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The Carletonian

The Carletonian

The Carletonian

Political Diversity, Yes; Ideology, No

<istopher Logel’s Ethicist column in the October 10 issue of the Carletonian laid out a case for political diversity at Carleton that correctly and powerfully argues against ideological discrimination and on behalf of a culture of tolerance and mutual respect. I, like many others, share these sentiments. But I feel it necessary to correct some untrue or illogical assumptions that are too often made on behalf of what are perceived to be minoritarian points of view. During my ten years at Carleton, conservative students in particular have reported feeling uncomfortable with the “monocultural,” “heavily liberal” climate at the College. On one level, I sympathize with their genuine sentiments of not seeming to fit in and I join Logel in deploring the kind of ad hominem attack he describes in his piece.

I part company with our articulate and thoughtful conservatives (both at Carleton and in the community at large) in reducing political diversity to the rather hackneyed and inaccurate two worlds of “liberal” and “conservative.” The current financial crisis, which has a government of “the right” engaged in nationalization and the presidential candidate of “the left” embracing free markets and pro-globalization arguments (though not too loudly), suggests that the ideological game board has shifted fundamentally. In truth, it has been changing for years. The old categories of liberal and conservative have been ripped asunder by increasingly complex and contradictory forms of global economic, cultural, and political change. To defend these categories as if they were internally consistent worldviews is to try to breathe life into mummies in the museum.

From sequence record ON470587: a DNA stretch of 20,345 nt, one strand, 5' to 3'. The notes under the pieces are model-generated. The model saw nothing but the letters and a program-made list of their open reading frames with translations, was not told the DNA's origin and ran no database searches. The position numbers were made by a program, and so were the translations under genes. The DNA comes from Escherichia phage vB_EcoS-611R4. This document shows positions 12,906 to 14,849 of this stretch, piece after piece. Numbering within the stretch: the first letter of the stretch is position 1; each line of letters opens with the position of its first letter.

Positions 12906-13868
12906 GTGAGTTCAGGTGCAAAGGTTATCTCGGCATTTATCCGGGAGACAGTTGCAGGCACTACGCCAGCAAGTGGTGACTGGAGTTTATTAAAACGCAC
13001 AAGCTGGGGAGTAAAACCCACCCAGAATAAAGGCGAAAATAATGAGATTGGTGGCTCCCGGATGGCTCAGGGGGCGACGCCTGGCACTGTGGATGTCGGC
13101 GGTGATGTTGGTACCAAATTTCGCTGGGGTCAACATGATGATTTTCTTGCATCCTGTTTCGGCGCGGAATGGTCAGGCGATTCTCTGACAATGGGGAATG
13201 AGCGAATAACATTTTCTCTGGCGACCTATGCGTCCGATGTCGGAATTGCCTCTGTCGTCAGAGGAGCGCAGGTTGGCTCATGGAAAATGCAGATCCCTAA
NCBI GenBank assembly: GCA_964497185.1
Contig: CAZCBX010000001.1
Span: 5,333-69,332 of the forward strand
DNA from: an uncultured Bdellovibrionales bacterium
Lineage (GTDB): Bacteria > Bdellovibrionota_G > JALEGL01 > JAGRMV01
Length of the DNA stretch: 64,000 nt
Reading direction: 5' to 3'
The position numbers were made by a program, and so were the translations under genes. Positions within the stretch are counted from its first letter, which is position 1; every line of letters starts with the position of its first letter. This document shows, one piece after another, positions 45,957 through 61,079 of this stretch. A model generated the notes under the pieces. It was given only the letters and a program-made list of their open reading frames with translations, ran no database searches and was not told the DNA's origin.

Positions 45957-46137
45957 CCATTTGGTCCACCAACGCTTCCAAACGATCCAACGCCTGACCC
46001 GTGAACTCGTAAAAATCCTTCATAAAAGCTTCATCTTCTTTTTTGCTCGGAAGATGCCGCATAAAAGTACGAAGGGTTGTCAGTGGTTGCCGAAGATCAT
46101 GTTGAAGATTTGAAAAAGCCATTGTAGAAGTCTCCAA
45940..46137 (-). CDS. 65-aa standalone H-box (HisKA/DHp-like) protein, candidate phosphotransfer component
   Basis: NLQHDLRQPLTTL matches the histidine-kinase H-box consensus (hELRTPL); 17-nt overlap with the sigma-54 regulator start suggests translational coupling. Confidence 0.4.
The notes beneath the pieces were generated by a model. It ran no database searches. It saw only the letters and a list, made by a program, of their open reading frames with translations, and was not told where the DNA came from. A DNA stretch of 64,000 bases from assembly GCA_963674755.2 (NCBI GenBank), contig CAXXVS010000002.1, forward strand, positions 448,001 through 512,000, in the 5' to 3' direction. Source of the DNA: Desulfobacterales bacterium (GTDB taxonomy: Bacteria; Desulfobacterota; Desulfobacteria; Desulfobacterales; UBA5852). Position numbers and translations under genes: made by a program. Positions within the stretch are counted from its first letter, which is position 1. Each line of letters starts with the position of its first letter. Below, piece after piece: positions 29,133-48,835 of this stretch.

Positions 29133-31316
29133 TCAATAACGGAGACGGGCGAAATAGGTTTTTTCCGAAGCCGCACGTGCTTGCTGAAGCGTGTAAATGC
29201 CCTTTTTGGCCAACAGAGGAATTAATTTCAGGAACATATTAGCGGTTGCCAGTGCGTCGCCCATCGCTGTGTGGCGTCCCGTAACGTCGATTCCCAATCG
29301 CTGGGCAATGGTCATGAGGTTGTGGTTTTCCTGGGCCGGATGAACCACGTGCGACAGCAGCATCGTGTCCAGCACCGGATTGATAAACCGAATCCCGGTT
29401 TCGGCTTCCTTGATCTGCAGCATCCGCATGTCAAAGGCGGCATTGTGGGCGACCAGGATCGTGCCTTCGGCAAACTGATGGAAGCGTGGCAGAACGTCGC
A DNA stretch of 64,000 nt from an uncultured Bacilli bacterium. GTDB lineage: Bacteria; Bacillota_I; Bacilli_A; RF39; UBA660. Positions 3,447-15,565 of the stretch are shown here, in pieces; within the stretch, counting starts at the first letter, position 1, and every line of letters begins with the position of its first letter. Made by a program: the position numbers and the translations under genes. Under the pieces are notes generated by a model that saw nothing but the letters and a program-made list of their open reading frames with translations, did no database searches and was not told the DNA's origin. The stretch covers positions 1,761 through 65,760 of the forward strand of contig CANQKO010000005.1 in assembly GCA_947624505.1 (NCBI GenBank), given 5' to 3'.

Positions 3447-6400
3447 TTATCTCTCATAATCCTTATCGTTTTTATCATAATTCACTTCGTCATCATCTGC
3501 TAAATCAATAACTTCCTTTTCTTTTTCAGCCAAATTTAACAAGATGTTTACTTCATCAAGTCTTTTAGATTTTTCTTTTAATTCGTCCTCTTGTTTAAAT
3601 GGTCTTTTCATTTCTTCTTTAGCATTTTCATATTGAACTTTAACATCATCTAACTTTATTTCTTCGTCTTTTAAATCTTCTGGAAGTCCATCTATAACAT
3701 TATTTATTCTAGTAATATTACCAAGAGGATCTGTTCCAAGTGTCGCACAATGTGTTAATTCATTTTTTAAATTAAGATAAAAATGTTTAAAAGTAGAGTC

Political diversity at Carleton takes multiple forms based on distinct identities (e.g., gender, race, sexual orientation, etc.), class interests, and regional and national backgrounds. If the “left-of-center” position on the erstwhile left-right ideological gamut seems to be increasingly hegemonic, it may be that demographics, education, and the erosion of the conservative movement in the U.S. are causing a shift in ideas. Yet this does not mean that overall political diversity has declined. Much diversity exists within these categories if one considers opinions regarding diverse issues such as the U.S. role in the world and the prevalence of racism in society. For example, relatively optimistic and pessimistic viewpoints abound on both of these issue areas within the so-called left-of-center.

One might even question to what extent ideologies should be defended as part of the diversity of thought. If by “ideology” one means a fixed, unchanging worldview that holders express and to which others must listen without the opportunity to challenge, then such a thing may have little place at Carleton. Political ideologies like all established systems of thought and practice are present at Carleton to be challenged, including majoritarian varieties. Their advocates should always feel uncomfortable; that is, if our interest is in education. If we have a “monocultural” hegemony of thought at Carleton it is most aptly expressed in our mission statements, which envision training students to think critically, to never accept hypotheses without verification, to never adopt dogma and defend it behind the aegis of some inherent right to minoritarian expressions immune to questioning. In that regard, I envy our “conservative” students, if only because they think differently. But also because they are learning more by being a part of this intellectual community. I, for one, am glad that they are here.

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